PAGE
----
Nick Stern, Staff Reporter | Photos by Nick Stern and Rene Thompson
The Westside campus is favored for its environment, not only among students, but among various wildlife as well, Instructional Technician, Melanie Archuleta-Hallquist said.
There are many roadrunners which, in the spring, can be seen building their nests in different spots around campus, Archuleta-Hallquist said.
R e f e r e n c e Specialist at the CNM Westside library, Amy Baker, believes that the nature environment of the campus is a big part of what attracts people to it, she said.
In the morning hummingbirds can be found all over campus while in the evening rabbits can be found everywhere and if one were to take a three minute walk to the west end of the campus, they would find themselves completely surrounded by the desert, she said.
“It is like you are really living at the cusp of the urban sprawl where nature meets city. You really feel like you are in nature. I think that this campus feeds off of that energy and I think it makes staff, faculty, professors, and students a lot calmer,” Baker said.
Besides rabbits, hummingbirds, and coyotes, there has also been an occasional snake will show up on campus, and recently a venomous snake was seen on campus and had to be dealt with by animal control, she said.
“I was told not to go to my car because there was a snake in one of the bushes and animal control was on their way because it was a venomous snake. Security would not let me go to my car,” Archuleta-Hallquist said.
A coyote once walked right up to the front door of the Michael J. Glennon building and then walked away when it became uninterested, she said.
A family of skunks used to live on campus as well and anyone could smell them when on campus, and after living on campus for about a month the skunks were captured and relocated by animal control, she said.
There is a cat that lives on campus that is known as the campus’ “feral” cat but is prob¬ably not feral at all and has been fed by people, she said.
“I have seen the cat and I have tried to feed it and it ate. I do not think it is feral. I think it belongs to somebody and it just got lost on campus and does not want to leave because there is free food. It is like an all-you-can-eat buffet of lizards and bunnies,” Archuleta-Hallquist said.
Incorporating nature into the architecture at Westside has also been accomplished very well and the new WS1 building is made with walls that are all glass to look out at the great scenery the campus has to offer, Baker said. So on one side of the building there is a vast view of the sprawling desert while on the other side there is a vast view of the Sandia Mountains, and people tend to be attracted simply by how nice it is there, Baker said.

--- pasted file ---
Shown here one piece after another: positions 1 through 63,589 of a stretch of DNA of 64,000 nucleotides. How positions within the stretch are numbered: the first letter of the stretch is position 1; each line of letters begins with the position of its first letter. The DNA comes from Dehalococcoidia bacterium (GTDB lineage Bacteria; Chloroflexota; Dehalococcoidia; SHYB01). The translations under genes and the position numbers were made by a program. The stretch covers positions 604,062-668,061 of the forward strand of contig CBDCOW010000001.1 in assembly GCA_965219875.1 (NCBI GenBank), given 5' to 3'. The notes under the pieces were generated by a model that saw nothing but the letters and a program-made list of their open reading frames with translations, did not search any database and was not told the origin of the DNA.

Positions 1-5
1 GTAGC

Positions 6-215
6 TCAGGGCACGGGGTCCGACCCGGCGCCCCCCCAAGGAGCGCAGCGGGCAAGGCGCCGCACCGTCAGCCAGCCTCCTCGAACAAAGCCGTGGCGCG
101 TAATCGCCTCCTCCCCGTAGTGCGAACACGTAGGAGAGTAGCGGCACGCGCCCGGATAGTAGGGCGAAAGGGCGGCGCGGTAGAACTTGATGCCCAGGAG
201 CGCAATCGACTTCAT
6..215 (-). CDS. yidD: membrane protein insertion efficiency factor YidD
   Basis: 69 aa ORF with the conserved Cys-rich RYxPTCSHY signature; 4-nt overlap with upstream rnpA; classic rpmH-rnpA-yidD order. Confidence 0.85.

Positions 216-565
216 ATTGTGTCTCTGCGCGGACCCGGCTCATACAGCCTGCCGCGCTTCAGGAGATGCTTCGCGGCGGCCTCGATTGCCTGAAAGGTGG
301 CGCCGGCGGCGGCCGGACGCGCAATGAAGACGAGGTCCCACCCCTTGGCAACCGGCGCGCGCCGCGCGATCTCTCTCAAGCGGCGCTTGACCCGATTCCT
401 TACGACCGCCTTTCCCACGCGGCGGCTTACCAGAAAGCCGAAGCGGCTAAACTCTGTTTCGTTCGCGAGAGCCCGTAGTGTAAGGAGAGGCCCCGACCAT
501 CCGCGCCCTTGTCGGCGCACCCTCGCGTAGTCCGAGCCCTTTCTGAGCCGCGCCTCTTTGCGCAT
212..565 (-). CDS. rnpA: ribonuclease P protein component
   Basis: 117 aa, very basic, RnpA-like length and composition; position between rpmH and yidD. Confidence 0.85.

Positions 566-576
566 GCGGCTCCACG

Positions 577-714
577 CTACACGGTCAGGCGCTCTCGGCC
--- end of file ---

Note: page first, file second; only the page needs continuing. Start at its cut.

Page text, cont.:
With so many windows and such amazing views of Albuquerque, students are constantly rejuvenated and calmed by every¬thing beautiful there is to see, she said.
“I think they are really trying to make it seem like-instead of working against nature-we are really working with nature,” Baker said.
Another thing that is nice about the campus is the desert inspired fountains that can be found when walking through the campus, she said.
The fountain in the middle of the WS1 courtyard does not use too much water but just enough for some¬one to hear nothing other than the soothing sound of water trickling on the edge of rock, she said.
The shrubbery and landscaping used for the campus also consists of strictly native plants to New Mexico, which is all xeriscaped and consists of what would be found in the desert, she said.
The dedication to natural and native aspects within the campus plays a huge part of maintaining a calm learning environment for students and at the same time, attracting local wildlife of all sorts to the Westside campus, Baker said.
“I think the architecture of this building (WS1) is influencing students to just feel more calm, more Zen, more at peace and I think that is why we are seeing more wild¬life interacting. Part of the reason the hummingbirds probably still come on campus is because they are using native plants,” Baker said.